Jon Feeney – Janney Montgomery Scott: Secondly, you mentioned in your portion of the prepared remarks that how you expect improvement in the Pasta business with normalization, it sounded like I guess getting back more towards spot on durum side, but I look back over the long sweep of history, what gives you so much confidence that Pasta business can improve margin, because if you go back to the late 90s in this business and this type of margin was maybe more typical? I know we covered some of this at the time of the acquisition, but has this – do you have any – what gives you so much confidence that the structure of the business really did change so much in the past couple of years that it can sustain that 20%, 20% plus type margins that has (indiscernible) largely sustained since you bought it, I mean what gives you that confidence?
Scott Monette – CFO, CVP, Treasurer and CDO: So, let me start here. So, I would highlight that the first part of your question, which is we were concerned going into the year about the supply of durum. As I noted, the lowest inventory in 20 years, so we wanted to make sure we had a sufficient supply of durum. So, in contrast to our normal process, we extended coverage to protect our supply commitments. Obviously, during this most recent period, durum prices on the spot market have fallen. So, that presents a significant difference between our current costs of durum and the spot market. That will resolve itself as we move through the rest of 2012. So, we are very comfortable that the cost of business then gets back to a more normalized margin structure as we move through the rest of the year. In terms of the sustainable margin, you’re right. I’ll highlight one thing that it is certainly a lot different from the time period you specifically referenced, which is industry capacity. We did a lot of work during our due diligence around capacity within the industry and we’ve seen a significant reduction in the capacity in the industry, so that is a fundamental change. I would also highlight the barriers entry in this business are significant. There are enormous amounts of capital that goes into these production facilities and production line, so I would highlight those two items as important factors in terms of the sustainable margin being more in the 25%, low to mid 20% EBITDA margin that we focused on when we made the acquisition couple of weeks ago.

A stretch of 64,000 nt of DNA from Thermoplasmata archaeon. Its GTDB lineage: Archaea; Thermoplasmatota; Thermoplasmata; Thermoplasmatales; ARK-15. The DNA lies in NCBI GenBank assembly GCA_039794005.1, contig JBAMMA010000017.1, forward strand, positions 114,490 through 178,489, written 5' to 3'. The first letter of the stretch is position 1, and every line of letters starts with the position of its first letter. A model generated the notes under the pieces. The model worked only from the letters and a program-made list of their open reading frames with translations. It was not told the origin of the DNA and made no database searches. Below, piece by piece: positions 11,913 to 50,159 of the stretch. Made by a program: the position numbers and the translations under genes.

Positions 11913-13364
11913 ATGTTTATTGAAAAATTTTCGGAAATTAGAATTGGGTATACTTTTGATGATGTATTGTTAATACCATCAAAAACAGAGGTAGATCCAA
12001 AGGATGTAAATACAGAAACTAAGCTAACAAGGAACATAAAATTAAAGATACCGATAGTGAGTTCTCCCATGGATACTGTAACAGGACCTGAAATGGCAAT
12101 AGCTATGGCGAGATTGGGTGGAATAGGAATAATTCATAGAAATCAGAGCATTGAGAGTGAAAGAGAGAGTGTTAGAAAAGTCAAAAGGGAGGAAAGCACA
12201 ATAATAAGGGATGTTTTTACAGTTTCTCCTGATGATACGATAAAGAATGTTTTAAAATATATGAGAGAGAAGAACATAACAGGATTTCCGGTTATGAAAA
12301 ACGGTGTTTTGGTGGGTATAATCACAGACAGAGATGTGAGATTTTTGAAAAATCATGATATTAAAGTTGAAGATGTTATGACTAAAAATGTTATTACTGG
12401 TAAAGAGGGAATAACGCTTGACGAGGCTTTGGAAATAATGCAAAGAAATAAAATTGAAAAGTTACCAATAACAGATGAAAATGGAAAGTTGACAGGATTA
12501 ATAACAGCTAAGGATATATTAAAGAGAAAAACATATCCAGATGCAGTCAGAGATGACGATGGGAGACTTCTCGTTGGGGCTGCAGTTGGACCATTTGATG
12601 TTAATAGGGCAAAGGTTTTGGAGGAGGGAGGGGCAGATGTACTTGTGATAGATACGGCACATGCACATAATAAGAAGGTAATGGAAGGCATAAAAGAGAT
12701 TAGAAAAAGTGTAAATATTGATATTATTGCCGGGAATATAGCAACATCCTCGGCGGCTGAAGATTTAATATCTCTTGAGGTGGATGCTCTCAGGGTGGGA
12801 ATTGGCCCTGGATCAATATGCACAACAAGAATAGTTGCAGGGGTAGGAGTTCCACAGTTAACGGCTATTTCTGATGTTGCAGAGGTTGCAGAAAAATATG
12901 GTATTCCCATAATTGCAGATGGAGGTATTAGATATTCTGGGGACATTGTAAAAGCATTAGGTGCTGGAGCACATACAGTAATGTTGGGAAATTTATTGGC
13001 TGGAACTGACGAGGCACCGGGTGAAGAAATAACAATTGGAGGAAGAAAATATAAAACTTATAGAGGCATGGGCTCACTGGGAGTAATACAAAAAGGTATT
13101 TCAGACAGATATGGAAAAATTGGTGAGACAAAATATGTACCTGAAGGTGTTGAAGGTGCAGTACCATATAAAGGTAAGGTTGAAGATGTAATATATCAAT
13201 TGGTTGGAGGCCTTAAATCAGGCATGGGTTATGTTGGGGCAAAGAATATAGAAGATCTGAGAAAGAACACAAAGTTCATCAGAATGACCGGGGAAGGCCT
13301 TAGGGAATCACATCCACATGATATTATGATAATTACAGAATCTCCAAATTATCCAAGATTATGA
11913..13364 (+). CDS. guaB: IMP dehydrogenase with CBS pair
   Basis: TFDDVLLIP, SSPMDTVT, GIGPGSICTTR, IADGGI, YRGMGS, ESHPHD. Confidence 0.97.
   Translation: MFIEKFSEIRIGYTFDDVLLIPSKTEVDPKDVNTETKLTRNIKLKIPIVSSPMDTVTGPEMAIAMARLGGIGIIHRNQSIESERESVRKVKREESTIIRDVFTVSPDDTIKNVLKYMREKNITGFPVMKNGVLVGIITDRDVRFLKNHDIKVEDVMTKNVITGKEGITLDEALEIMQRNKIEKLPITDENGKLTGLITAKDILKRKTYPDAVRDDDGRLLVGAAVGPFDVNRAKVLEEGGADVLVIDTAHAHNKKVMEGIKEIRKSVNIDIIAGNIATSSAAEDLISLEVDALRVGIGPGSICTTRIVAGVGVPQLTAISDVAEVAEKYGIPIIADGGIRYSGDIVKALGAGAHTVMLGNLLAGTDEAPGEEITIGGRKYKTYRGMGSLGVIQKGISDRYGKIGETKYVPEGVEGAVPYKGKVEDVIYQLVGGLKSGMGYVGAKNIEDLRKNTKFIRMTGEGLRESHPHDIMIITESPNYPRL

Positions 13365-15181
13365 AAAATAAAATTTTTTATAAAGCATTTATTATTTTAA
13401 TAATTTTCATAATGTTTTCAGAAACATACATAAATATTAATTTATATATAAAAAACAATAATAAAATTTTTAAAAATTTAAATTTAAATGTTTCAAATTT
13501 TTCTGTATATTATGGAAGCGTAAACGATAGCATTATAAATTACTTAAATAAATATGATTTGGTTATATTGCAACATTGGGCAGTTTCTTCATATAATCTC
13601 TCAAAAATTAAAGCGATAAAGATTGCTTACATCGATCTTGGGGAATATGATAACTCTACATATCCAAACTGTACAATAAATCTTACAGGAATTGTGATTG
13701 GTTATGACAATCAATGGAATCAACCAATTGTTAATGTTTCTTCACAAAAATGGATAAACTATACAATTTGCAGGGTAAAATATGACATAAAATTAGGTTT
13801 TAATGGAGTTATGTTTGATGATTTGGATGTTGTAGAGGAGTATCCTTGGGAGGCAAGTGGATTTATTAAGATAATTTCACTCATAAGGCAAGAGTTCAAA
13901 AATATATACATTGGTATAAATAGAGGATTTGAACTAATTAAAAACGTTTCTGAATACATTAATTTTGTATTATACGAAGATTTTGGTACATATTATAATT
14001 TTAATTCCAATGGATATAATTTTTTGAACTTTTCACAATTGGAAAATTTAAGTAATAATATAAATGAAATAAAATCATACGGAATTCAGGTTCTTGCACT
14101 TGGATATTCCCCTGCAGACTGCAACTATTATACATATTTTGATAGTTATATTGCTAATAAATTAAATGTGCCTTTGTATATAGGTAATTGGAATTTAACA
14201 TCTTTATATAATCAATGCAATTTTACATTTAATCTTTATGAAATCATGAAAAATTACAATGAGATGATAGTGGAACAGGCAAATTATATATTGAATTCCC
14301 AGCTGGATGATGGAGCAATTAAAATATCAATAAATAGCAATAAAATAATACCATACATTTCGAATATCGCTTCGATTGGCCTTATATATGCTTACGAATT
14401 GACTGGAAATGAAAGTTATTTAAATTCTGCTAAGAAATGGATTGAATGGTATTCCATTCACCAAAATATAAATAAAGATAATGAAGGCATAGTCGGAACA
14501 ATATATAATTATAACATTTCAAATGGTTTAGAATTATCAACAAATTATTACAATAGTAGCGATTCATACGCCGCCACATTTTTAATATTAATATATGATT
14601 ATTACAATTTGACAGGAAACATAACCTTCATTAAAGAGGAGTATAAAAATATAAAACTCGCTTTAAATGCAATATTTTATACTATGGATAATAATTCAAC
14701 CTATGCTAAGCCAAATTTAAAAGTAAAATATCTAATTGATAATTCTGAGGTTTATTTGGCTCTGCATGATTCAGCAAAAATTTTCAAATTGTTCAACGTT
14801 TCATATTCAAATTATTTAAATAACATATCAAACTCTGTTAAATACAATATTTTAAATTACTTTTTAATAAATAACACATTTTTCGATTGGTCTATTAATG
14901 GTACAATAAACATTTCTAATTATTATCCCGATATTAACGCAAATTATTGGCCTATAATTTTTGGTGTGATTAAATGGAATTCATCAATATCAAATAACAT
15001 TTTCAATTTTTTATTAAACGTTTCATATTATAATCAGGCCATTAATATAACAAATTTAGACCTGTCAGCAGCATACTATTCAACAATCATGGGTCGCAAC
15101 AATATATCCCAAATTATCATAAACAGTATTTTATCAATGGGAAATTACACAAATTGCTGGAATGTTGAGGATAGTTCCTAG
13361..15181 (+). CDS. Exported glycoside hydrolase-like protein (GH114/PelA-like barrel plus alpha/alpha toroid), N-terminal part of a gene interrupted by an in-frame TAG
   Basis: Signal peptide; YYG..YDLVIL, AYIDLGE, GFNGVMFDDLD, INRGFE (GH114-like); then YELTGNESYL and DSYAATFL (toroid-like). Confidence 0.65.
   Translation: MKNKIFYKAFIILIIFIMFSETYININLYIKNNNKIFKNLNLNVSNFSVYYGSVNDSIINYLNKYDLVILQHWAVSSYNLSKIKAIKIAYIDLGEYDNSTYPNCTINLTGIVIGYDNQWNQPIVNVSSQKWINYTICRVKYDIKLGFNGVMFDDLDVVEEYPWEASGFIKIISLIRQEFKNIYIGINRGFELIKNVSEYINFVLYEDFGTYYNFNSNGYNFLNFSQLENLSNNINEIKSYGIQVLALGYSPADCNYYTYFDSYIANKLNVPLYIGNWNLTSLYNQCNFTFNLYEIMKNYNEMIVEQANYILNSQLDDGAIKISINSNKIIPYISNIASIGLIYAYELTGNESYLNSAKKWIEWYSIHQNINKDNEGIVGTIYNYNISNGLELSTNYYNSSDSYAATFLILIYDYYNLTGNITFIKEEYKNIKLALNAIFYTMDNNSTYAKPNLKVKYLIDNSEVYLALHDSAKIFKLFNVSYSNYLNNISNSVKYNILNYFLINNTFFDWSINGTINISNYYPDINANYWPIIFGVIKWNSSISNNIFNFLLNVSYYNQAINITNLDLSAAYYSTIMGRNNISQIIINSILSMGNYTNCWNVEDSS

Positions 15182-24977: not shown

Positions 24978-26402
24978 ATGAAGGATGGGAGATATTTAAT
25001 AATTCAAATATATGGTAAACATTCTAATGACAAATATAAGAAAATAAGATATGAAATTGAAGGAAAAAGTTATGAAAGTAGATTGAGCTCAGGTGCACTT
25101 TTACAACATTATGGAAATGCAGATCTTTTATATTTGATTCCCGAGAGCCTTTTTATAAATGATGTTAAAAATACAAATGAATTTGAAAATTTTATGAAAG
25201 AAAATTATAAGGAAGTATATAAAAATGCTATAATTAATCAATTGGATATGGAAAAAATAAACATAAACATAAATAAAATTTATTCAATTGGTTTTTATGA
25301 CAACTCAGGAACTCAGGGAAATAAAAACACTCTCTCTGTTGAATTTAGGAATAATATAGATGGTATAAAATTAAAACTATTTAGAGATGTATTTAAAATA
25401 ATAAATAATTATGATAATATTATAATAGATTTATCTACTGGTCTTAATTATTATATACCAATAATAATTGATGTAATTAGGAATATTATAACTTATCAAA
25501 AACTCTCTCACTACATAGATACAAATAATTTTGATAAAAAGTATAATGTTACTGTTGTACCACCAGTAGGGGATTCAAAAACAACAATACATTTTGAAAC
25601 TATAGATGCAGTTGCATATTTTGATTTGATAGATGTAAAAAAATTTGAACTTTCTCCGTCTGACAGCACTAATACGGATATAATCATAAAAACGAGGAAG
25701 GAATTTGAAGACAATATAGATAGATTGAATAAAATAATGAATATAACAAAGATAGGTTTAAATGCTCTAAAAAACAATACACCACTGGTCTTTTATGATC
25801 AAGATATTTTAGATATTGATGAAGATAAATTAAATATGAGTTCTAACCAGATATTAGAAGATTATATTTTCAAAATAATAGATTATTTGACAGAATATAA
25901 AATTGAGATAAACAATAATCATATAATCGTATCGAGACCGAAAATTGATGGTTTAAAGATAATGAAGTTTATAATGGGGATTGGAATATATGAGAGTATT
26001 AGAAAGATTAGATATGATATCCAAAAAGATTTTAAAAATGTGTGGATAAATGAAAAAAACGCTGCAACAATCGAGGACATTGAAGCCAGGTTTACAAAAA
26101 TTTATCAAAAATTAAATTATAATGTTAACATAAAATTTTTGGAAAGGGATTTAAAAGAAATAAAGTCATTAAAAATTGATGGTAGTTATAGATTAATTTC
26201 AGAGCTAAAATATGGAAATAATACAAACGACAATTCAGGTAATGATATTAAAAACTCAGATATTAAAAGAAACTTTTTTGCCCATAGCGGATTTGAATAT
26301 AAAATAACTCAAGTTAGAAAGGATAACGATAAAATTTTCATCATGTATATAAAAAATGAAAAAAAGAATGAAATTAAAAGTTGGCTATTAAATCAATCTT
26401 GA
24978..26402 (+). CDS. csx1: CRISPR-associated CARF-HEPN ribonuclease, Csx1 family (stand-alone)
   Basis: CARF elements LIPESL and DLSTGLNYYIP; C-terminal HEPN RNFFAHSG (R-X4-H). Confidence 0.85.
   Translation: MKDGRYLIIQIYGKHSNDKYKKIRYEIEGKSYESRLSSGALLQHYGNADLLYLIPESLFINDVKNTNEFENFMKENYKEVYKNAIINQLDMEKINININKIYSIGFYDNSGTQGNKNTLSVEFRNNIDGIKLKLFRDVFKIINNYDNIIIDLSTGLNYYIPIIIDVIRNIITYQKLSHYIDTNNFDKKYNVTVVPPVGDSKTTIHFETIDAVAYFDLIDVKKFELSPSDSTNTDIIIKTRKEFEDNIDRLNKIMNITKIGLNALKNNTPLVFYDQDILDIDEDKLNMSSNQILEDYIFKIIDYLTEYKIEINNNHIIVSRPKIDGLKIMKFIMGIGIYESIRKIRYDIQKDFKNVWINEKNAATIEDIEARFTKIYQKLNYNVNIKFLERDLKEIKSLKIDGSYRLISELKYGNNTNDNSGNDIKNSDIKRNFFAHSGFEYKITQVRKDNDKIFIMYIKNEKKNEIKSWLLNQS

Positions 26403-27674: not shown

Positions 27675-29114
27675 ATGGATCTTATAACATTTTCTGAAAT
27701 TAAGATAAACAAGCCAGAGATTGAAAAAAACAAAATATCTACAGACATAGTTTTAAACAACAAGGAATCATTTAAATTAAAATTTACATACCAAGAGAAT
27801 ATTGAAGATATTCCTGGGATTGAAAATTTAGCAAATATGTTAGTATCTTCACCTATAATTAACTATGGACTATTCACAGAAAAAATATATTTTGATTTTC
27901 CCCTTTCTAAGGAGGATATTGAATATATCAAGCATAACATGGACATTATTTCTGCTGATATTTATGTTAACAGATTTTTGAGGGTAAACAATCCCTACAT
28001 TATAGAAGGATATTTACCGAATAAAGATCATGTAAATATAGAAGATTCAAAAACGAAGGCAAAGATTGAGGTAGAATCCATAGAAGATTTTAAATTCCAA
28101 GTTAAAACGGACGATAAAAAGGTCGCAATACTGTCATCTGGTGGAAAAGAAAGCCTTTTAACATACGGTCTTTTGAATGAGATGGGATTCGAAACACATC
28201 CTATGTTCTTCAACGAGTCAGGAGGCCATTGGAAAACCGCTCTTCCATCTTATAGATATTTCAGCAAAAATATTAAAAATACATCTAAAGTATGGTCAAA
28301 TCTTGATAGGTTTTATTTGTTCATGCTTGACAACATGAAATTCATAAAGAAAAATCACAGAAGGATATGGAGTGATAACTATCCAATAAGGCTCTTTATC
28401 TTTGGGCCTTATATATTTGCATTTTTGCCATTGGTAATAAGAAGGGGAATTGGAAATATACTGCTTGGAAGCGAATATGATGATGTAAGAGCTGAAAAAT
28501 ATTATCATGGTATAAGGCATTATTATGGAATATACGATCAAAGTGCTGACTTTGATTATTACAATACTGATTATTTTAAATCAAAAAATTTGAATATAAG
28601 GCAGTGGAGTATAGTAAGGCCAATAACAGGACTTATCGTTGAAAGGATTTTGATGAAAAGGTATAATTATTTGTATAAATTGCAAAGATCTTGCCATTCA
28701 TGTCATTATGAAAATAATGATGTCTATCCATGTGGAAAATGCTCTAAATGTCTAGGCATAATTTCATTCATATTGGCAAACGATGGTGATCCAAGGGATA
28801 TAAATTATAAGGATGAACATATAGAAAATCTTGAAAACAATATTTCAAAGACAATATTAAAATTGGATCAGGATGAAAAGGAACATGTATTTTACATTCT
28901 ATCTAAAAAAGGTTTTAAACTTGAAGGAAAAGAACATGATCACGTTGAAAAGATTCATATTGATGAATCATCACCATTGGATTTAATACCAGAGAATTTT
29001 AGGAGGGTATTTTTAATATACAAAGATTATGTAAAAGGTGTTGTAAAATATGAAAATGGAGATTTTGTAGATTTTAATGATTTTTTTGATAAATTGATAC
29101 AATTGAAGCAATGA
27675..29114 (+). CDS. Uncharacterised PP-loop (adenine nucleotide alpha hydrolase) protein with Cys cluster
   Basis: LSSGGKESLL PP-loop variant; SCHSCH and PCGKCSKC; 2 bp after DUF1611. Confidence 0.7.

Kevin J. Hunt – CEO and President: John, Kevin. Just a couple of more things I’d add. The category is – the private label share within this category is quite high and as you know, we have a very strong share of that private brand business and the other thing I would also add which is something we knew before we made the acquisition in 2010, but we certainly have seen a lot of evidence as we watched Walt George and his team, these guys understand how to approach the market on a value-added basis. They can offer a lot of information to customers about what the right price gaps are, a lot of information benchmarking on how to build not just the private brand business within the category, but the category itself. So, I think that might be a little more qualitative, but that’s a very important differentiating factor about AIPC.